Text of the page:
Wednesday, 28 September 2016

follow-up to week 3

This week we began our deep dive into the nuts and bolts of XML and TEI encoding, while still keeping our eyes on the big questions of markup theory. As Sperberg-McQueen and others have argued (myself included, in one of our recommended readings) there are some big questions about markup and texts that can only be approached through the nuts and bolts. As we think about the big and the small together, our eyes will start to notice details in books and other artifacts that we didn't see before, and we begin to develop an encoder's-eye-view of texts and technologies alike. (Remember that William Blake poem Dean Duff quoted in our Orientation assembly!) For those who'd like a better look at our test-case, the 1609 version of Shakespeare's Sonnet 129, here's a link to a good digital facsimile available from the Folger Shakespeare Library:

We also considered punctuation, capitalization, spacing, and other taken-for-granted features of writing as a kind of markup we use every day (or everyday?). As we consider the future of the book, we'll consider how books and texts of all kinds depend (or don't) upon details like these. Literary texts are especially useful places to test the power of markup, given how small details can often make big differences in their interpretation, but the same is true of legal and policy documents. I alluded to the recent story of the "million-dollar comma" in a Canadian contract dispute, which you can read about here. I also referenced the variants in the text of the Second Amendment in the Bill of Rights, which was passed and then ratified by Congress in slightly different versions. Wikipedia has a good quick summary of the textual situation of the Second Amendment, with an image of one of the versions (courtesy of the National Archives and Records Administration) shown below:

For a good illustration of the power of markup, and the effect that a few millimetres of ink can have upon the world, see this New York Times piece about a recent U.S. Supreme Court decision that hinged upon a comma. With a U.S. presidential election underway, it will be interesting to keep these questions in mind when we hear arguments made about the Second Amendment and the intentions of the framers of the U.S. constitution. Do those arguments take into account not just the framers but also the scribes, who were the original text encoders of these documents. Are we reading "whatever the author wants," as Steve Jobs said of ebooks in the iPad rollout video? To what extent are the intentions of the creators of a collectively made text or artifact recoverable through the details of its construction? RBG and Antonin Scalia must have had some fascinating conversations about questions like these.

(Incidentally, by an interesting coincidence the Supreme Court and the Folger Shakespeare Library are kitty-corner to each other on Capitol Hill in Washington. I've always liked the idea of researchers in both buildings deliberating upon markup details like commas, both working in different realms but only a few hundred yards apart, and maybe eating lunch in the same food court.)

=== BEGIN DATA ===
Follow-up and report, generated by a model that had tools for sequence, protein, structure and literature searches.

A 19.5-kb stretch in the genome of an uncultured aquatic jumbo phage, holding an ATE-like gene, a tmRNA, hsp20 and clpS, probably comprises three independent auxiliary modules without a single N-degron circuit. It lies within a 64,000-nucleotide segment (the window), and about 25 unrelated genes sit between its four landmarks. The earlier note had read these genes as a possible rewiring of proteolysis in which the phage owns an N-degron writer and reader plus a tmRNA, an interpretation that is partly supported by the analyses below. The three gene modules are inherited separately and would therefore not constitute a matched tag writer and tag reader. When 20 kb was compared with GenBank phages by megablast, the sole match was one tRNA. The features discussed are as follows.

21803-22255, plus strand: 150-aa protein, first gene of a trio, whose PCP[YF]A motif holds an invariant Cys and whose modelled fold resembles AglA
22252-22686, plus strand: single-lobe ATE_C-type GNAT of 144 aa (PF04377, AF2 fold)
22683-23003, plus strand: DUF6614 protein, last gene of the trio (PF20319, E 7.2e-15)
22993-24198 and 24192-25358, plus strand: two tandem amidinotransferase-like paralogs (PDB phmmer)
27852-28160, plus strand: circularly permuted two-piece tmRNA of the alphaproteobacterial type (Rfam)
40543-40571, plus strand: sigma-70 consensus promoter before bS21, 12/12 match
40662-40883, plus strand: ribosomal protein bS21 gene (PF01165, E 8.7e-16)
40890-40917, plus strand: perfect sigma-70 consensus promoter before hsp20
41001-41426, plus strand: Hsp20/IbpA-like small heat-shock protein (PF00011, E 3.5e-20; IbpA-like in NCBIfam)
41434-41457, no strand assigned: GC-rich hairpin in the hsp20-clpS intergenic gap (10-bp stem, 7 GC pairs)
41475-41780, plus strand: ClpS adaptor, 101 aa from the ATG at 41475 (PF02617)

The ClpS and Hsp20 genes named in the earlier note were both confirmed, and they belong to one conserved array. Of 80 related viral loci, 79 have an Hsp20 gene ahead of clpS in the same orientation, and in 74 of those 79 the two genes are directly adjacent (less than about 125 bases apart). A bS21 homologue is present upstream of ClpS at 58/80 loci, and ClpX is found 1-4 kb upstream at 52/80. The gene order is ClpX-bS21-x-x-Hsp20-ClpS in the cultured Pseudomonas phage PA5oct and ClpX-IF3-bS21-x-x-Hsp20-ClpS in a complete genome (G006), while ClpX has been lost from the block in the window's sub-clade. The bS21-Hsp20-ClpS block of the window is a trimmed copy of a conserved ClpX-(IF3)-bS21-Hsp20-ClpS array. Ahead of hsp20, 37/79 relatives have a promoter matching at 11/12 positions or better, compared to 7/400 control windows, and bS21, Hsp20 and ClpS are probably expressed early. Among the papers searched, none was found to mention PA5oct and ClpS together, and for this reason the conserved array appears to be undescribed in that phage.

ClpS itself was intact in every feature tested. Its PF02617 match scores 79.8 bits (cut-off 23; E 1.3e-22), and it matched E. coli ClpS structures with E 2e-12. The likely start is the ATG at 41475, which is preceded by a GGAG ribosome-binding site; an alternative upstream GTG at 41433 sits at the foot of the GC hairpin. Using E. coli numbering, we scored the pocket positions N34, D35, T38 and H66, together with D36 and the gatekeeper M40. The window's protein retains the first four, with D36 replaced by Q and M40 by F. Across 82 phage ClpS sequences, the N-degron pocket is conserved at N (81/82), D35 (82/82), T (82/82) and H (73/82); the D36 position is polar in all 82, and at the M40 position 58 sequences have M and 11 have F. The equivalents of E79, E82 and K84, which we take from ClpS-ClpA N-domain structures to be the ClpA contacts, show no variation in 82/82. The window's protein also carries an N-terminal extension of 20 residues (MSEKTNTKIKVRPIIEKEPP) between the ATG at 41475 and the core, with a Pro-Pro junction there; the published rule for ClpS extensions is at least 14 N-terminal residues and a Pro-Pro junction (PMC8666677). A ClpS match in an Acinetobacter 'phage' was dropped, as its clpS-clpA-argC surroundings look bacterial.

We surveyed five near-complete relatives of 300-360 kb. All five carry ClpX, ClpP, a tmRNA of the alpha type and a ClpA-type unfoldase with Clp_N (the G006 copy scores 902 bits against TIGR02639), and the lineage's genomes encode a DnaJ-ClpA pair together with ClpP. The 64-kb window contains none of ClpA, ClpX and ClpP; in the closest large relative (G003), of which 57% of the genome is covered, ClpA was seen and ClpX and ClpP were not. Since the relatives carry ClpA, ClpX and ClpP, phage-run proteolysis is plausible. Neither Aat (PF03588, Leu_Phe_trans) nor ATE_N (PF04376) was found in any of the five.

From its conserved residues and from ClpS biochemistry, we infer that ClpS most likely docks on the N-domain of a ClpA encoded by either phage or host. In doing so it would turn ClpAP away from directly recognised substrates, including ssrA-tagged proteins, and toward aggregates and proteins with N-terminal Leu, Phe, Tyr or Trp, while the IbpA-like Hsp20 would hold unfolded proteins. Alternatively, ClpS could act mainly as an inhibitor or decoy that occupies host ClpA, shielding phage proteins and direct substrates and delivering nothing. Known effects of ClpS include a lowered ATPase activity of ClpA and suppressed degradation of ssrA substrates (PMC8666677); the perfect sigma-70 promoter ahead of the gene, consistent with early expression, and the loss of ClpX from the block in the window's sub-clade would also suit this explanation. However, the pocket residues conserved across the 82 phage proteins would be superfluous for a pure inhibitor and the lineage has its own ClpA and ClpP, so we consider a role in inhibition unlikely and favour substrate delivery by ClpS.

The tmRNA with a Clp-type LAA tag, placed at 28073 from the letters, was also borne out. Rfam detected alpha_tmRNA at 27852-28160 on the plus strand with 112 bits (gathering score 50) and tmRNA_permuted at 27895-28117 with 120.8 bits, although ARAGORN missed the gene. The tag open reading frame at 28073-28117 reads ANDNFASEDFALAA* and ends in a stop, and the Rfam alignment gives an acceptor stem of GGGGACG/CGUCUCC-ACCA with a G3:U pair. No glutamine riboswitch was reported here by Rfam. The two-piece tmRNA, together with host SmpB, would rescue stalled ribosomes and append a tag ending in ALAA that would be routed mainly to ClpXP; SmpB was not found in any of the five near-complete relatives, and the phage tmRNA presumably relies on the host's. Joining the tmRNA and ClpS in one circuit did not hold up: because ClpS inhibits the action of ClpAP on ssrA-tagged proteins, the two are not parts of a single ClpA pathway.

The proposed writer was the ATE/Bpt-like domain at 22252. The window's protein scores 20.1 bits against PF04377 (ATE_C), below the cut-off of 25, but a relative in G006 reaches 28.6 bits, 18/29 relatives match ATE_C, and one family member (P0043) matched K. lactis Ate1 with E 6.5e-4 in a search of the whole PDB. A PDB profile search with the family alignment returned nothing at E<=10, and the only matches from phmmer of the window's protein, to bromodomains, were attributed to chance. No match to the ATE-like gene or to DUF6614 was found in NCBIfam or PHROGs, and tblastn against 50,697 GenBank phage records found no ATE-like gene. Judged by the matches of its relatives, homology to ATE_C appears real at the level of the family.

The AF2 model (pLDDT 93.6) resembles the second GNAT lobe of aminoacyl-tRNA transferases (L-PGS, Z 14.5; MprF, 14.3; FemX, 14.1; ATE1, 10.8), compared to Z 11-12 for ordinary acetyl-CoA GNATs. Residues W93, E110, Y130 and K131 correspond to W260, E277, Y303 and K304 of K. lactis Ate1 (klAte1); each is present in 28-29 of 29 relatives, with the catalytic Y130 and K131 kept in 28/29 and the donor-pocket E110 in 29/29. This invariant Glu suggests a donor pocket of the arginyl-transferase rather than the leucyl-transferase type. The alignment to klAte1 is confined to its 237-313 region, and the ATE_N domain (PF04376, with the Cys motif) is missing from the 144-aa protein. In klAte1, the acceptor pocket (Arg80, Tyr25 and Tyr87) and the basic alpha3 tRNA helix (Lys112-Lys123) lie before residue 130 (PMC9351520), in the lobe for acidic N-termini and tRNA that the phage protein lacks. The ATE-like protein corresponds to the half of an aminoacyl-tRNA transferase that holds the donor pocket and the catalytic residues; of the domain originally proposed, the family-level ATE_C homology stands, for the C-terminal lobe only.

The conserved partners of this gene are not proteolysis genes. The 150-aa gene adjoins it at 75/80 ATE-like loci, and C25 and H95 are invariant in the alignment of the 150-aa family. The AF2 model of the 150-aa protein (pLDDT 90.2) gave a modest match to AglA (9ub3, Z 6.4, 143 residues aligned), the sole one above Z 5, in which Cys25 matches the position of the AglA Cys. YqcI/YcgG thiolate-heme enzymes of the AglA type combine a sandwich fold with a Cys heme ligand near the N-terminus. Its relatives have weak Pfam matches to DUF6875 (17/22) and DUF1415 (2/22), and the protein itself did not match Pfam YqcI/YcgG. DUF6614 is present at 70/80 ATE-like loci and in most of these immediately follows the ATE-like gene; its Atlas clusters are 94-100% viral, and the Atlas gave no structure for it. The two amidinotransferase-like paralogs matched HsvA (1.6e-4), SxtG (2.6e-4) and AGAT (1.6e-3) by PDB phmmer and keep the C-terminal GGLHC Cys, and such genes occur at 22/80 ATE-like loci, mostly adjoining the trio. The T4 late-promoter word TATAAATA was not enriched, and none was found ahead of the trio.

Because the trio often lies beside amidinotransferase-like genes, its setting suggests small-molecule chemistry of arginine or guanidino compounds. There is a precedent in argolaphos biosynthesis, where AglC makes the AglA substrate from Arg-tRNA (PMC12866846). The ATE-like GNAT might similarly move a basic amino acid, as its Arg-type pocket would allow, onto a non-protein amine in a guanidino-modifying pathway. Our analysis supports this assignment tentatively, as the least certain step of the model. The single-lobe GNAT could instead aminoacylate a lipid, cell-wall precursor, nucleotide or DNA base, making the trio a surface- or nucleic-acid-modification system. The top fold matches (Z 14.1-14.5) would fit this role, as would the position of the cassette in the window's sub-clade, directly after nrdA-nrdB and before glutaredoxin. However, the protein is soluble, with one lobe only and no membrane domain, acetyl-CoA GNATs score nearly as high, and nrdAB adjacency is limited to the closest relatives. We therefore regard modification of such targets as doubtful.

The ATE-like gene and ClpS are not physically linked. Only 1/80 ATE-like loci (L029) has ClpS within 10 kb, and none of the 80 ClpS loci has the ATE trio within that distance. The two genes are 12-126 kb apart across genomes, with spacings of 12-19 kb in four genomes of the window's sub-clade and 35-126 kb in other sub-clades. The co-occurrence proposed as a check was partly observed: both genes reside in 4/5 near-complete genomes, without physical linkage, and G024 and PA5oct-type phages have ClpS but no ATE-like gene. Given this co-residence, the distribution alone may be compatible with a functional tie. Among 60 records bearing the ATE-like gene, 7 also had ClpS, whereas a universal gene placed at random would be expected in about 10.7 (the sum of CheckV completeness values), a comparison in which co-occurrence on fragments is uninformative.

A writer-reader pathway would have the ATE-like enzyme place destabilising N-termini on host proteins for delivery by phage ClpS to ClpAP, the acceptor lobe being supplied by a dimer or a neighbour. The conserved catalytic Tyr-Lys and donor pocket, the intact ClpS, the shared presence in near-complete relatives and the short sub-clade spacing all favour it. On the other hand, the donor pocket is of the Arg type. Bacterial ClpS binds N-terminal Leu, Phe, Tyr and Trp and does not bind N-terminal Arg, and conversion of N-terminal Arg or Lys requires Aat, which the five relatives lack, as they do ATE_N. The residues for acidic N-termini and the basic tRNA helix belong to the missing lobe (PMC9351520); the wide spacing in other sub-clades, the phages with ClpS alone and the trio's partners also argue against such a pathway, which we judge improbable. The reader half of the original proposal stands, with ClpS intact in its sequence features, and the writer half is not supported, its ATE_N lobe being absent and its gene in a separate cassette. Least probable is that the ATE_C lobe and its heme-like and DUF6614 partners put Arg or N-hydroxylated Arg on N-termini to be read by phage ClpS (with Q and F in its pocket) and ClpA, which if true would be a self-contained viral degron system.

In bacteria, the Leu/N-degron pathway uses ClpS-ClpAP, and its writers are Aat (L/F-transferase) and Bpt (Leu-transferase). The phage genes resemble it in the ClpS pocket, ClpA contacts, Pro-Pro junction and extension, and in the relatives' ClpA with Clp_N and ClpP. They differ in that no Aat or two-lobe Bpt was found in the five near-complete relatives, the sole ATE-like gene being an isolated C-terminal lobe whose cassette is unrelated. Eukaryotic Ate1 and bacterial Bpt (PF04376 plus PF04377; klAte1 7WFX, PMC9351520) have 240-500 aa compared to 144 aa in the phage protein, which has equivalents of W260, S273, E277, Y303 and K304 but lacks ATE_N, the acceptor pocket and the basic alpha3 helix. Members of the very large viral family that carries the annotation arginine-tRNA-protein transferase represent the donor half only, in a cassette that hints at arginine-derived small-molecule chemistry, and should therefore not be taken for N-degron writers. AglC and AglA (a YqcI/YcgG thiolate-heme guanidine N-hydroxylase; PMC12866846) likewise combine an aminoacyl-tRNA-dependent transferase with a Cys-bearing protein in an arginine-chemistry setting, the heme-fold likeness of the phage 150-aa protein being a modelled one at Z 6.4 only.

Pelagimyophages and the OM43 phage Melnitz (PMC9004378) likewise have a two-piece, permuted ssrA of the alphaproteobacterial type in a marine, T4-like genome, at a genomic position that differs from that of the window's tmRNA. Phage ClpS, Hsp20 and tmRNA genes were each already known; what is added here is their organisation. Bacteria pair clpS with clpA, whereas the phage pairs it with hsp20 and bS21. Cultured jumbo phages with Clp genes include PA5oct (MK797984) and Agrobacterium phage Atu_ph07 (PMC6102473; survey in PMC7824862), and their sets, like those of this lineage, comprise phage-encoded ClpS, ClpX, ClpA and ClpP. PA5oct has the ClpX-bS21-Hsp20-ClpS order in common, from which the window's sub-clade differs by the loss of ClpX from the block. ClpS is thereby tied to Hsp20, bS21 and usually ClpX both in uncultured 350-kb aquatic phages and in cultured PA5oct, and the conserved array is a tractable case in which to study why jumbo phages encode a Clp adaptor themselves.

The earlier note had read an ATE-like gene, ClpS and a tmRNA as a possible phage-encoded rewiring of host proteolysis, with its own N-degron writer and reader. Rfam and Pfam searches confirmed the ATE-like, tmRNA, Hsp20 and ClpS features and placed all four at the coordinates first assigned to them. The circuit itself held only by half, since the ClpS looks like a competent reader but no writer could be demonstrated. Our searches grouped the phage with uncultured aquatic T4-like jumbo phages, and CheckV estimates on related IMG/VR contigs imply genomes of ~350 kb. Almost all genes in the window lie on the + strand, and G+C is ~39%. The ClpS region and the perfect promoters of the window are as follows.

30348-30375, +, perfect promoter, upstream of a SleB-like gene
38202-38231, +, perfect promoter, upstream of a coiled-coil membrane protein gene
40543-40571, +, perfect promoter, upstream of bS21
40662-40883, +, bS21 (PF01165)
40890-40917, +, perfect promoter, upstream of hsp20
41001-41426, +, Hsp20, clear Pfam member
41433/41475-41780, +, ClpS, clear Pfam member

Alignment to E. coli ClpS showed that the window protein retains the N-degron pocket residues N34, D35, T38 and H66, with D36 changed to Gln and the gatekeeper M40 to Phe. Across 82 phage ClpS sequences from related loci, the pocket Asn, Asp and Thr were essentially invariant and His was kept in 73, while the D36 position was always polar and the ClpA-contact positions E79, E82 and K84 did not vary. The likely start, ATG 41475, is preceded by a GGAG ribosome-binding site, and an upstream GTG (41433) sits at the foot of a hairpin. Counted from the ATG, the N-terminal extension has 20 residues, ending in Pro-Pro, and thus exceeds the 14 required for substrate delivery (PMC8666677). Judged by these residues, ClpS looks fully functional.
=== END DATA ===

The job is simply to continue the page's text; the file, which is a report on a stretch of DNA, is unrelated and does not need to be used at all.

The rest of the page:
Lecture slides are available here and in the usual place and formats on BB. Please note that I'll be using the same sequence of slides for this week and next, and may post an updated version again next week.

We covered a fair amount of technical ground Monday, and the specific files we examined in class can be downloaded from BB. I should also mention a couple of pieces of software that may be useful as you work on the encoding challenge.

An XML file, like an HTML file, is simply a text file that you can open in any text editor, but which can also be recognized by a web browser or other XML-aware software. (If you are trying to open an XML file in something other than a browser, you may need to use your operating system's "Open with" command, usually found by right-clicking on the file, rather than by double-clicking the file icon itself.) For working with XML and other kinds of web documents, I find it helps to have an XML-aware text editor. A good simple freeware editor for the Mac is TextWrangler, and a good PC counterpart (though not freeware) is EditPlus. But there are lots of others out there, and some are reviewed in this LifeHacker post:

Another piece of software that's a step more advanced than these is the oXygen XML Editor, which is made specifically for working with XML and offers features such as well-formedness checks (which you'll need for your assignment) and validation (which you won't, but is worth knowing about anyway). oXygen is the most widely used XML editor in the digital humanities, has good cross-platform support. It takes some getting used to -- hint: to check well-formedness, look in the "validation" button's sub-menu -- but it's a great place to learn to write and edit XML (and it has a 30-day free trial period). In any case, whatever you do, don't work with XML in a word processor -- and definitely don't use Microsoft Word's "save as XML" function. Not to get too Yoda-esque, but text encoding (like hand-press printing) requires us to unlearn much of what we've learned from word processing.